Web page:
the music goes well with the words
I walked across the river to a spot on the east side that I’d never been to during daylight hours. A comfortable little coffee shop with cutie baristas; I went there on Monday nights to listen to yuppie royalty read their crappy poems. I usually left at the intermission, but I still enjoyed the normalcy of it all and occasionally it was really, really good. Set in a lower middle class, funky little neighborhood, next to a trendy hipster bar, a couple blocks from an industrial section in southeast; it looked exactly like it was supposed to.
Today, the barista was not female, and while somewhat unnerving, it was not particularly important. I posted up with a hot mug of black Stumptown in the back, and started the process. Type type type, pause, read, sip, type type type. And repeat. For hours, for days, forever. Until it sells or I’m forced to get a real job. Exposed as the fraud I’ve always suspected most writers to be.
In the meantime, type type type my life away until the productive peace is shattered by a rather large woman slumping down onto the couch next to mine. Peer at her out of the corner of your eye, just over the laptop, make her think that you’re not actually studying her intrusion, her disruption. She looks like a junkie or a bum, with tattered worn clothing; layers upon layers of it. A bulging backpacker’s bag and a rolling duffle besides, her hair is ragged but her face is kind. It’s better not to establish contact.
“Didn’t I see you in here earlier?” She screeches, way too loud for the setting; people glance in our direction, but quickly look away. “Umm, I don’t think so, I just got here,” I reply, quiet but firm, direct and clear. She mumbles something else, but I don’t look up, I try to bury myself into words and headphones.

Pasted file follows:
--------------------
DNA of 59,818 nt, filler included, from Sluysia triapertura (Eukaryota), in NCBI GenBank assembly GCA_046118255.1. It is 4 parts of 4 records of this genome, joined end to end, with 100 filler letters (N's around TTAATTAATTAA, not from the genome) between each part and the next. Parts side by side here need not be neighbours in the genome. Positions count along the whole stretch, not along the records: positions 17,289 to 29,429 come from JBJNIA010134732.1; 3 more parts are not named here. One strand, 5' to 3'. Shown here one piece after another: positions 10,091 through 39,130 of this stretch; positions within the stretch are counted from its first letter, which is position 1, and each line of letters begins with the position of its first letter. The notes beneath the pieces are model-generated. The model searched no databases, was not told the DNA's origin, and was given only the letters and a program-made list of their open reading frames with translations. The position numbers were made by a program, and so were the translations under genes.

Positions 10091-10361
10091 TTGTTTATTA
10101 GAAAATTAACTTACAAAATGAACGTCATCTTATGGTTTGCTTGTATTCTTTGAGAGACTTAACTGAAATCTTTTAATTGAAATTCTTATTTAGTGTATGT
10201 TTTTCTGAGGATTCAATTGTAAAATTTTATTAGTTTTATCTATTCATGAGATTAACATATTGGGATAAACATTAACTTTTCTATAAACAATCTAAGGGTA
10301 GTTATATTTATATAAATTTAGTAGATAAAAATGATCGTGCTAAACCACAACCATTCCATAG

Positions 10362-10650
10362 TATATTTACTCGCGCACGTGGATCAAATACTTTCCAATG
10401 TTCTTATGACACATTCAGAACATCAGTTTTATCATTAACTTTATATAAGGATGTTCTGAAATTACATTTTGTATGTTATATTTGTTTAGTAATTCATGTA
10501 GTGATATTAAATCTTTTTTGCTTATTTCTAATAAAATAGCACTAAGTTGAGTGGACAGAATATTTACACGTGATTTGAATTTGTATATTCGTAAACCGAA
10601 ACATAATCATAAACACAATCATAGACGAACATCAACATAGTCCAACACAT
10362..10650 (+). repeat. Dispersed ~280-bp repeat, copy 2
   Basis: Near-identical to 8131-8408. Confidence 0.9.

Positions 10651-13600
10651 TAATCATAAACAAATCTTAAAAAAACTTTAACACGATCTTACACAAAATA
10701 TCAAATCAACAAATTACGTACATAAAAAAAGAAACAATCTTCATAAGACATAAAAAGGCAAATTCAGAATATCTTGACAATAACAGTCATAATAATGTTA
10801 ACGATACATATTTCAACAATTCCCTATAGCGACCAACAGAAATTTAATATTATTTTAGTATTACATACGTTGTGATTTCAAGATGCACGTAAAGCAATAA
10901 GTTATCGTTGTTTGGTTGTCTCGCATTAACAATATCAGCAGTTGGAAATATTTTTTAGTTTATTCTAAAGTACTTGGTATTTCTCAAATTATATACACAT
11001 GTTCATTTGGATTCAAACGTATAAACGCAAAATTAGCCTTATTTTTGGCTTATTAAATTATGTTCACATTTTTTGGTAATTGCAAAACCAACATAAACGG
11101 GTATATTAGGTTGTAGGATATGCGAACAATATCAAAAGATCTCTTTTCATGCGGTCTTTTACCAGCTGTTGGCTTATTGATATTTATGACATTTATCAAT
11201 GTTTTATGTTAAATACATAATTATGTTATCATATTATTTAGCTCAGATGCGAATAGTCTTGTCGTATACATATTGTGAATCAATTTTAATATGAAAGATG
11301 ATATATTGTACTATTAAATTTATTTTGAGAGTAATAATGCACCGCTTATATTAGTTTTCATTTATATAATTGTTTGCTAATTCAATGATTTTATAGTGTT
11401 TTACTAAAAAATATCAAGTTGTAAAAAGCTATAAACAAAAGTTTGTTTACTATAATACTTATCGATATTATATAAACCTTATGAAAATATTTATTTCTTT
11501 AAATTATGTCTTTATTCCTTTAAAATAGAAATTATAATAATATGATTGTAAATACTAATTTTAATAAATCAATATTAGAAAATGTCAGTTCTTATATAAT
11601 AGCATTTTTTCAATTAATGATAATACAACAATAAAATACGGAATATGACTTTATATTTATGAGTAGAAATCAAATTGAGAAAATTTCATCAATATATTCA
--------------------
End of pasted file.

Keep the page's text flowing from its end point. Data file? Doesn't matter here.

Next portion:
Glancing at her again, she’s pulled out a gallon carton of ice cream from some place, and gone in search of a spoon. Not even trying to hide my curious stare, I smile sadly at her in question.
“The Methadone makes me crave ice cream, makes me crave this stuff,” She slurs, face full of cookies and cream, “I got another one that he put in the freezer.” She gestures with her spoon towards the barista, who doesn’t notice or doesn’t care. A junkie. Of course. I guess ice cream is better than heroin, though probably not as satisfying. Like every other trade off that occurs in the pursuit of respectability, of normalcy, of mediocrity.
I sigh and lean back into the couch, this dingy piece of shit couch in this crappy run down coffee shop. I suddenly feel very old. In the day light it was easy to see the peeling paint and the water marks in the ceiling. In the daylight “funky” looks a lot like “run down.” This is my life; this is my Masters of Fine Arts program. This is where I’m putting my finger on the pulse and learning to become a writer. The yuppie royalty can drive home to their comfortable upper middle class existence after the show in their Subaru or their Prius or their massive SUV. I will walk back down Burnside, a shady section of Burnside, across the river to Oldtown; past strip clubs and drug deals and men huddled together in moldy blankets, just trying to stay warm. We’re all just trying to stay warm. The junkies and the hustlers are my professors as well as my peers, and also my twisted inspiration. Tomorrow is more of the same, as I’ll type type type some more, struggling, dreaming, above all working hard.
Working hard so that someday I can trade in my Methadone Mary for a cleaner model.